• [0030]
    The security provisions of the present invention thus operate to prevent both any action by a patient or any tampering by an unauthorised individual from violating the security of the medication being administered. The security attachment of present invention is relatively compact in size, yet is capable of holding any of the several different sizes and configurations of medication containers, including various size syringes and small flexible plastics bags. In addition, the device is relatively inexpensive to manufacture, thereby affording its the most advantageous market advantage. Finally, it is believed that the system of the present invention accomplishes all of the aforesaid objectives and advantages without incurring any relative disadvantage.
  • [0031]
    The invention may be carried into practice in various ways and some embodiments will now be described with reference to the accompanying drawings, in which:-
    • Figure 1 is a perspective view of a main pump unit similar to that described in EP-A-319278;
    • Figure 2 is a side view of the main pump unit shown in Figure 1, showing electrical input connectors with their hinged, spring-loaded protective caps removed for clarity, one of the connectors being used to provide electrical signals to the main pump unit to request delivery of demand doses or boluses of medication;
    • Figure 3 is a perspective view of a disposable cassette similar to that described in EP-A-319278, showing the inlet and outlet tubes in phantom lines;
    • Figure 4 is a flow diagram illustrating a basic PCA routine which may be performed by the main pump unit and cassette shown in Figures 1 to 3;
    • Figure 5 is a perspective view of the security containment device of the present invention, mounted on the main pump unit shown in Figures 1 and 2, which main pump unit contains the cassette shown in Figure 3 mounted in drive bay C;
    • Figure 6 is a section on the lines 6-6 in Figure 5, showing the hinged lower housing opened for visibility;
    • Figure 7 is a section on the lines 7-7 in Figure 5, showing the interior of the lower housing of the security containment device;
    • Figure 8A is a part sectional view of the lock mechanism of the security containment device in the locked position, holding the syringe tube mounted in place in the upper housing and preventing the latch from being operated to open the lower housing;
    • Figure 8B is a view similar to Figure 8A but with the lock mechanism in the unlocked position, allowing the syringe tube to be removed from the upper housing and allowing the latch to be operated to open the lower housing;
    • Figure 9 is a perspective view showing the side of the security containment device of the present invention which is mounted on the side of the main pump unit;
    • Figure 10 is a perspective cutaway view of the security containment device of the present invention showing the hinged and spring-loaded syringe retainer;
    • Figure 11 is a top cutaway view of the security containment device of the present invention showing the syringe retainer;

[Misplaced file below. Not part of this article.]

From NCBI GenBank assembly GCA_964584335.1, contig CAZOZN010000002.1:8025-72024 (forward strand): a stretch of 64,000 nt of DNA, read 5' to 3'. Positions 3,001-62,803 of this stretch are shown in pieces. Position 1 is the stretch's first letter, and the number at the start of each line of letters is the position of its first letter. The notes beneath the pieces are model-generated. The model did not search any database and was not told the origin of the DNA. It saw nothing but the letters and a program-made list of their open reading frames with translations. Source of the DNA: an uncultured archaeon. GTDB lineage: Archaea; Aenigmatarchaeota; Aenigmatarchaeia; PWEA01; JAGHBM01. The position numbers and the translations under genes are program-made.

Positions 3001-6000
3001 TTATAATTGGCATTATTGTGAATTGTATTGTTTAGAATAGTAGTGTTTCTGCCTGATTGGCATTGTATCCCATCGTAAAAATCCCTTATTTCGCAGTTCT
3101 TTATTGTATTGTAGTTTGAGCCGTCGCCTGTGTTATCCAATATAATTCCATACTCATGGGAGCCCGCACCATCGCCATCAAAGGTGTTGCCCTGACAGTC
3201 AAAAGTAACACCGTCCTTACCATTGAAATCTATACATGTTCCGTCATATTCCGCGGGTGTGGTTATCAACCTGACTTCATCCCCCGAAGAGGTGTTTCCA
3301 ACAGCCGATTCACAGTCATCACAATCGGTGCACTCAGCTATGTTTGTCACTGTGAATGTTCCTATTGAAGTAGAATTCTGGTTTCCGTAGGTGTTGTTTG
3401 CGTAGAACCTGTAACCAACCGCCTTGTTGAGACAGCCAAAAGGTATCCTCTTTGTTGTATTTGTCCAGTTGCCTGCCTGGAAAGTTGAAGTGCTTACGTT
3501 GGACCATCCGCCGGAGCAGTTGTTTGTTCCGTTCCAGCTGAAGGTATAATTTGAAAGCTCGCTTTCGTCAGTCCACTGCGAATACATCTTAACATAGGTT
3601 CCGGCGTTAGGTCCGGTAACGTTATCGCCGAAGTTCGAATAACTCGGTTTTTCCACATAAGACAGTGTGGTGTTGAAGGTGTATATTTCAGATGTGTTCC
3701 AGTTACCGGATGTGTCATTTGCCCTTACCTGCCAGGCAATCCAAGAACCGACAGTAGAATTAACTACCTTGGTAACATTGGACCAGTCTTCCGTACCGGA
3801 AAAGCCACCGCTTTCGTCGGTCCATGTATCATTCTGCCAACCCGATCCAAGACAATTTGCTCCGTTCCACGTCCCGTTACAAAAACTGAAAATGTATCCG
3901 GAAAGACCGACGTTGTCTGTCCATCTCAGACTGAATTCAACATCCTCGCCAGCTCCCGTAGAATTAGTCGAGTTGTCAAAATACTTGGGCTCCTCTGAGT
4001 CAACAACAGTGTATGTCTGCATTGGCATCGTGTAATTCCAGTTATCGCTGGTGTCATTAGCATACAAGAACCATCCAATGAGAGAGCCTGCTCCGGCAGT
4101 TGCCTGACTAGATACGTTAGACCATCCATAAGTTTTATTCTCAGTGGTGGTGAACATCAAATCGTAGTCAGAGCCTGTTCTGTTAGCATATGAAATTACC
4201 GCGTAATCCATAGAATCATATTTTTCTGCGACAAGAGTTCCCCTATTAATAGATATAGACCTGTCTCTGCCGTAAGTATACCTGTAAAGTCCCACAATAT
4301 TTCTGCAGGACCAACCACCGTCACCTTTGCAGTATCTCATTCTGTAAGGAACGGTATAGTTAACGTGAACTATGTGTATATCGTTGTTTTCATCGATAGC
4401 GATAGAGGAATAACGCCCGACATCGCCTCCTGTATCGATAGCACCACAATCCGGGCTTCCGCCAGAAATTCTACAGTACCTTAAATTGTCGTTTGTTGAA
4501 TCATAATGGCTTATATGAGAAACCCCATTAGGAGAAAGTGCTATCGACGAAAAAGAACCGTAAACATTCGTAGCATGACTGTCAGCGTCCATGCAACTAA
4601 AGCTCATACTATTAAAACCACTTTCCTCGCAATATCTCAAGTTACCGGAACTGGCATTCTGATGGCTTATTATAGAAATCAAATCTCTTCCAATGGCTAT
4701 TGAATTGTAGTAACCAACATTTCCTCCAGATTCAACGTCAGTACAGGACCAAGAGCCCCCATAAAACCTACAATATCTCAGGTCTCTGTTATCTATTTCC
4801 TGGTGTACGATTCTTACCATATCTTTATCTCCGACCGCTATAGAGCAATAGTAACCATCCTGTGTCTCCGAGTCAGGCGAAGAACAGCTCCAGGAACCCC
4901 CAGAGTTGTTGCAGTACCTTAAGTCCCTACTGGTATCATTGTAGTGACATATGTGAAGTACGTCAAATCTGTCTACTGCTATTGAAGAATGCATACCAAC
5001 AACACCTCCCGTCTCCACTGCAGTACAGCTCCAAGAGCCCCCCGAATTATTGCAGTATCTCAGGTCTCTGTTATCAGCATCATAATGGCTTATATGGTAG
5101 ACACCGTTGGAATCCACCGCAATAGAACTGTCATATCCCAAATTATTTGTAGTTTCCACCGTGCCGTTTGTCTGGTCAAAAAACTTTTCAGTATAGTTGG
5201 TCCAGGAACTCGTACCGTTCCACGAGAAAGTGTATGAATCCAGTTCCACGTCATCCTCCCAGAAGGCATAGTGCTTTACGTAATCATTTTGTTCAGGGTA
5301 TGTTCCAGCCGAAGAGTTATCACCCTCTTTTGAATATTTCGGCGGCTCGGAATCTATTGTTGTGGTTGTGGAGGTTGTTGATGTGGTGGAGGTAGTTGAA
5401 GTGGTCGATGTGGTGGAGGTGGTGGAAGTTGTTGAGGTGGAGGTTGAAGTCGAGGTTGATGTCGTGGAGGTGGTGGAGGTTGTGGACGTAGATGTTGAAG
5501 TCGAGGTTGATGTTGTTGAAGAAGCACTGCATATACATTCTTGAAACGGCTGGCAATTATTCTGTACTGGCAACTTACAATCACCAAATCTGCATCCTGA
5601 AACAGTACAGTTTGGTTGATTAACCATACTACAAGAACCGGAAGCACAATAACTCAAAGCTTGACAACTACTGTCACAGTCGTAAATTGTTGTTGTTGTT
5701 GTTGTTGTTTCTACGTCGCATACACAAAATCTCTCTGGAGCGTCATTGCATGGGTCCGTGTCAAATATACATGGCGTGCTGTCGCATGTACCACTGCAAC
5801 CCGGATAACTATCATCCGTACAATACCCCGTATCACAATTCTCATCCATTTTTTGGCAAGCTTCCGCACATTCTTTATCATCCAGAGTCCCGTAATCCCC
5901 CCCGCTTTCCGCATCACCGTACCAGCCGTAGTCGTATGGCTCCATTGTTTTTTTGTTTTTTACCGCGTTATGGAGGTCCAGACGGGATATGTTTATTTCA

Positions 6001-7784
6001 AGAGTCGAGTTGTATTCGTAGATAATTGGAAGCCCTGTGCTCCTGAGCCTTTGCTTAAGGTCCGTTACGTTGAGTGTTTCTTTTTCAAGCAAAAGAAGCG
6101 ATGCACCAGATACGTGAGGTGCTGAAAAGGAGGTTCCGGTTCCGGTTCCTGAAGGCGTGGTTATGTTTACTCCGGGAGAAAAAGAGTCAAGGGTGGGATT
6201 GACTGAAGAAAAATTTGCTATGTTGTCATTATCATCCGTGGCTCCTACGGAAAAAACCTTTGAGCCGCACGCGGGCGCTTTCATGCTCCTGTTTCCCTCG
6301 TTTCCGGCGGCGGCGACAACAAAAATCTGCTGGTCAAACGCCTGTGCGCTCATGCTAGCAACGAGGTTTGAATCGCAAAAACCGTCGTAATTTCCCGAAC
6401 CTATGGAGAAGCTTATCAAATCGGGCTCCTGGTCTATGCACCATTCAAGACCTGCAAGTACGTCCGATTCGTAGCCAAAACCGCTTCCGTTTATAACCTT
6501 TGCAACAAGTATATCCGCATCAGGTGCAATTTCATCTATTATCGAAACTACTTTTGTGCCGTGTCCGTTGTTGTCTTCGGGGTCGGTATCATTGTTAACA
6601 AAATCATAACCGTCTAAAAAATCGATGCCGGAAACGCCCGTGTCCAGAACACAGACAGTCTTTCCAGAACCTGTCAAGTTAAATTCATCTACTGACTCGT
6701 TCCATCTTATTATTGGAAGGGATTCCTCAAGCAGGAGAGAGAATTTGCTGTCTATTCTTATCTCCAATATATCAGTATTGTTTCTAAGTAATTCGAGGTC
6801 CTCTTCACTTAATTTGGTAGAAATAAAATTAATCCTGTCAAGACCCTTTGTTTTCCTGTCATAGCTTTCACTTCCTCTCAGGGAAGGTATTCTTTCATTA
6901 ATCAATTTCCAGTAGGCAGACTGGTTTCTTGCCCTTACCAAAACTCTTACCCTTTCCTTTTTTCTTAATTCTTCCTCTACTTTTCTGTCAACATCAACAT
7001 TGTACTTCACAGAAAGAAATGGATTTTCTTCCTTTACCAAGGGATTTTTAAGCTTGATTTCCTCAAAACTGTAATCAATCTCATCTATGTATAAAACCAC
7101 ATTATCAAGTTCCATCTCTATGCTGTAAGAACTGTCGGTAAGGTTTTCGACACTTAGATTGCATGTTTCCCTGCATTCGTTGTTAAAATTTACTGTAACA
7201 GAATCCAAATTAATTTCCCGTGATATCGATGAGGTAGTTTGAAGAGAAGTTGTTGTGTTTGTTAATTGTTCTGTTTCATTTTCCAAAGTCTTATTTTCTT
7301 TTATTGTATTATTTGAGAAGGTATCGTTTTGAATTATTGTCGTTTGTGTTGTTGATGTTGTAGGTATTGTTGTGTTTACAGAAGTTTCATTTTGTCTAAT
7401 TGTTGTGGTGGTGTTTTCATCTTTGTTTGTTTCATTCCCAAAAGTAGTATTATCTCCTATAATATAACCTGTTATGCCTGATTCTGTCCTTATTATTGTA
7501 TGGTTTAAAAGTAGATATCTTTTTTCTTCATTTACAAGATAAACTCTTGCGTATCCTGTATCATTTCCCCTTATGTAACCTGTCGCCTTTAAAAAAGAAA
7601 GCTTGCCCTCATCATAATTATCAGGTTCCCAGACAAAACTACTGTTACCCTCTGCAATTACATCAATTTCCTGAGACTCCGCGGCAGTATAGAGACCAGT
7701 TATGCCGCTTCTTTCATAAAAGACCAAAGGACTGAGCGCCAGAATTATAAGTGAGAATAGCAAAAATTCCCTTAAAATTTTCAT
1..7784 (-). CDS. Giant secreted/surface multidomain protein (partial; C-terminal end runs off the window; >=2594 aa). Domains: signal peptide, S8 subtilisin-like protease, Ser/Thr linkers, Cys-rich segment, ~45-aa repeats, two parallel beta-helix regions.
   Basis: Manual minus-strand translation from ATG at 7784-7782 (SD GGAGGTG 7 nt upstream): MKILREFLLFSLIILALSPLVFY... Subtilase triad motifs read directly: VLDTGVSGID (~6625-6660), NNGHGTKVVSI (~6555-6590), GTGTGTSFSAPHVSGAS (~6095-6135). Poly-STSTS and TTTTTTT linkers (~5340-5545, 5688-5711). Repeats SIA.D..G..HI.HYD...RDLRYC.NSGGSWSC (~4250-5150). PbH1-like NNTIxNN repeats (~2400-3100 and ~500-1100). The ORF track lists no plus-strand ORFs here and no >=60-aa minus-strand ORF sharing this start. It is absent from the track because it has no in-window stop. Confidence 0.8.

• Figure 12 is a part-sectional view showing a syringe mounted in the security containment device of the present invention and retained by the syringe retainer shown in Figures 10 and 11;
    • Figure 13 is a perspective view of the syringe tube used with a short tube cap to hold a small plastics medicine bag; and
    • Figure 14 is a perspective view of the syringe tube used with an extended tube cap to hold a large syringe.
  • [0032]
    Before discussing in detail the PCA security containment device of the present invention, it is appropriate to review briefly the main pump on to which the preferred embodiment PCA attachment is designed to be mounted. This discussion describes briefly the installation of a cassette onto the main pump unit and the operation of the device to pump fluid. For further details about the construction and operation of the main pump unit and the disposable cassette, reference may be made to EP-A-319278.
  • [0033]
    A main pump unit 20 is shown in Figures 1 and 2, and a disposable cassette 22 is shown in Figure 3. The main pump unit 20 has three bays for accepting up to three cassettes 22, the bays being labelled A, B, and C. The bay labelled as C is the position in which the cassette 22 will be inserted to be used as a PCA pump. The cassette 22 contains a piston-type fluid pump and active valves to pump fluid, with the piston and valves in the cassette 22 being operated by a mechanical drive system located in and controlled by the main pump unit 20.
  • [0034]
    The cassette 22 has a slid latch 24 which serves both to lock the cassette 22 in place in one of the bays A, B, or C in the main pump unit 20, and to control the flow of fluid through the cassette 22. The cassette 22 has an outlet tube 26 used to supply fluid to the cassette 22, and an outlet tube 28 used to carry fluid away from the cassette 22. The inlet and outlet tubes 26 and 28 typically have luer connectors (not shown) at their ends to provide easy connection.
  • [0035]
    The slide latch 24 has two positions: a locked position in which it is flush with the front of the cassette 22, as shown in Figure 3, and an unlocked position in which it is pulled back from the front of the cassette 22 (not shown). With the slide latch 24 pulled back from the front of the assembled cassette 22 in the unlocked position, an elongated, tear-shaped aperture 30 in the slide latch 24 will close the outlet tube 28, preventing fluid from flowing through the cassette 22. The inlet tube 26 is connected to a fluid source such an IV bag (not shown), and the outlet tube 28 is connected to a fluid delivery device such as an injection set (not shown), the use of which is well known in the art.
  • [0036]